Casein is a colloid derived from milk. For those already versed in gum printing, casein printing is done much the same way: a colloid is mixed with a light-sensitive dichromate and watercolor, brushed onto paper and exposed under a negative to UV light. Where the light hits the most, the casein hardens the most. Where the light hits the least, the casein and pigment wash away in a simple water bath, and thus an image emerges. For each print, this exposure and development process is done multiple times, particularly for a tricolor print, which will require a red, yellow and Read more »


Making Pictorial Prints

Techniques popular from 1850 to 1949 provide ways to put texture and mood into your photographs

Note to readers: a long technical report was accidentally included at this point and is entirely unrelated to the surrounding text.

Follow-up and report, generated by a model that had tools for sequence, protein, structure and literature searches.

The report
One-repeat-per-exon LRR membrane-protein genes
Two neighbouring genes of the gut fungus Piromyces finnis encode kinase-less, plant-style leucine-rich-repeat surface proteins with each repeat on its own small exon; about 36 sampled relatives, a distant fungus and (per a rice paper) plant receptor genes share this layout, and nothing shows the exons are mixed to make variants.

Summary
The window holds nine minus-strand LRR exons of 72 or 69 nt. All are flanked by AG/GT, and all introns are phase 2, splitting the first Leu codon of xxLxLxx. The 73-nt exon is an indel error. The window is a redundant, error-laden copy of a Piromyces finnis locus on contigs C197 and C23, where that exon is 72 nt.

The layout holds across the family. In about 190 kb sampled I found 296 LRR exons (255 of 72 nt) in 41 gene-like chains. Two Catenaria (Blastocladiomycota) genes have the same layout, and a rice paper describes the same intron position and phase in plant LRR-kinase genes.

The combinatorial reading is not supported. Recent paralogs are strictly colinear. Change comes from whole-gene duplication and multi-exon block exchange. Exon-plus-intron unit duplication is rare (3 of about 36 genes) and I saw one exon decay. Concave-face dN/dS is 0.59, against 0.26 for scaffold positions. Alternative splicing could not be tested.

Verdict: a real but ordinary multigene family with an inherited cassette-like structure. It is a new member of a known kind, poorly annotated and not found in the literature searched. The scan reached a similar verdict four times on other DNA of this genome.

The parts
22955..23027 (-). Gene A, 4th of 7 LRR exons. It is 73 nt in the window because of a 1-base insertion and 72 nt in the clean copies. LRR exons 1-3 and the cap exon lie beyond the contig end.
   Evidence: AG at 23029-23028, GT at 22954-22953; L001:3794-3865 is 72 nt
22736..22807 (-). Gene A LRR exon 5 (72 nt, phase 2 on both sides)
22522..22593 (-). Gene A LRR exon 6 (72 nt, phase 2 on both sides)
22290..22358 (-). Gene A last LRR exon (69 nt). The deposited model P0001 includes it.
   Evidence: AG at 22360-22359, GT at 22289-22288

written by: Barclay Travis Cook

Photographers don’t have to be limited to strict recordings of what’s in front of our lens—we are entitled to use both imagination and creative strokes. The enhancement of an image can bring it to a state beyond what a camera can capture. This is the fine art of pictorial photography, where imagination and talent are coupled to produce original hands-on work. Texture-screen printing and chiaroscuro are the essence of classic pictorial photography, while Photoshop manipulation is a direct descendant of the pictorial photographic artist. A pictorial print can be of any subject; the main thing is that the artist has Read more »